…football? Yes and no. Yes, I simply use football as a metaphor to get a point across I think is relevant for dealing with change in organisations. No, please do not take this thought experiment too serious. This is just a blog to spark your creativity how you want to think about change for yourselves.
15th June: France 2 – 0 Albania
I simply love to watch how committed teams deal with critical situations. Albania so calm and composed. France so passionate and determined. At the very end the relentless effort of France pays off, a crack in the Albania defense scores a goal. Then the crack widens and goal number two happens. Game over. Well done Albania, well done France.
Lessons Learned: The underlying principle I spotted was BESIEGE.
This reminds me of silos in organisations resisting to change. Sometimes there is no clever way to win them over. However, persistent and consistent ‚focus on the „what“ and let go of the „how“‚ may win critical mass over. Not very elegant, I admit, but it works more often than not.
14th June: Portugal 1 – 1 Iceland
Everybody loves the underdog achieving something significant against all odds. That night it was a team of 330.000 endeavouring people called Iceland. Just after 30 Minutes put 1 goal behind from a football giant dishing out harsh football lessons. Was there any hope? Then it showed that the Iceland team consisted not only of the 11 players on the field. Have a look at this mesmerizing video in Youtube. Iceland’s fans pulled their team along to the equalizer in the second half and then through till the end. A draw that felt more like a victory to Iceland and defeat to Portugal.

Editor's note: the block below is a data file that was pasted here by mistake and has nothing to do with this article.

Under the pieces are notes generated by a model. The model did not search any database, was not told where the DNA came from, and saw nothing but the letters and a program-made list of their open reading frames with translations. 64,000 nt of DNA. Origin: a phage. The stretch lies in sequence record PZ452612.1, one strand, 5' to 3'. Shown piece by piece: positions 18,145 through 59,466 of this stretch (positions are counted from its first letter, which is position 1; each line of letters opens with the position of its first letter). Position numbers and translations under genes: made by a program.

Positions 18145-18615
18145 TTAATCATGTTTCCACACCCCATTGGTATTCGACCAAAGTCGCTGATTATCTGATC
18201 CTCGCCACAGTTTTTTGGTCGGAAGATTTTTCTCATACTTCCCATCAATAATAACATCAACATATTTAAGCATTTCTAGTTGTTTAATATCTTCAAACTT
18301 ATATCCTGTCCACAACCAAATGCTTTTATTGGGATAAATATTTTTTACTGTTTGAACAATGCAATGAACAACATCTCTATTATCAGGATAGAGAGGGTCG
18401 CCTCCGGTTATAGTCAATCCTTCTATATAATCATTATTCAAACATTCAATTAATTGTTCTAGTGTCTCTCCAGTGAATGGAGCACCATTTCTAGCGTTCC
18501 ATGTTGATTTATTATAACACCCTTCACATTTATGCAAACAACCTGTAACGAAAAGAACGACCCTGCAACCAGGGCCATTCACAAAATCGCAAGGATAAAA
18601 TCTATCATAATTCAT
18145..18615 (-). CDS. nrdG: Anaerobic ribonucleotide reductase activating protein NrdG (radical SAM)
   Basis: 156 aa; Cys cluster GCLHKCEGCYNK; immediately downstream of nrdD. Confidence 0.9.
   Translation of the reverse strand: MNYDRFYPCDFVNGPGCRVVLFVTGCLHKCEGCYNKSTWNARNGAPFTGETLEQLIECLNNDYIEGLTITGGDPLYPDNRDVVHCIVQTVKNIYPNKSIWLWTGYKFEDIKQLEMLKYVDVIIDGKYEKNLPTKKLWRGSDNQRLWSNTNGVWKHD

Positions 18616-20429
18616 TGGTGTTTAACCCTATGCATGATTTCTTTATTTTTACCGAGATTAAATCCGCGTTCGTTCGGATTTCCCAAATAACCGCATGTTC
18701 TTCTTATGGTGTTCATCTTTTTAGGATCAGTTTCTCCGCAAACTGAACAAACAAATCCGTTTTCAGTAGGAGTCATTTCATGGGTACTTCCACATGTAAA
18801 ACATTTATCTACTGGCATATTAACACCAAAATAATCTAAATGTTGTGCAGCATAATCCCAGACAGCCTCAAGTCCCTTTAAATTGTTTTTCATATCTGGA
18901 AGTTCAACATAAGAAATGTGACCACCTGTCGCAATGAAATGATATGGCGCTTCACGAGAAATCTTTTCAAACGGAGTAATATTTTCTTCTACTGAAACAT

Lessons Learned: The underlying principle I spotted was BATTLE CRY.
Strategist Yamamoto states: „In solch einem Fall ist es wichtig, sich wie ein Samurai zu verhalten. Es ist ratsam, ein solches Problem durch einfaches Herumschreien zu lösen.“
I recall moments in my projects when we all felt exhausted looking in disbelief at a further budget cut or another bad news that might terminate the initiative. Then and there we need somebody to create hope. How? How can we kindle the enthusiasm we felt at the beginning? Somebody has to take charge of the future. Simply state and voice hope. And be bold about it. Anyone doing this can be called a leader.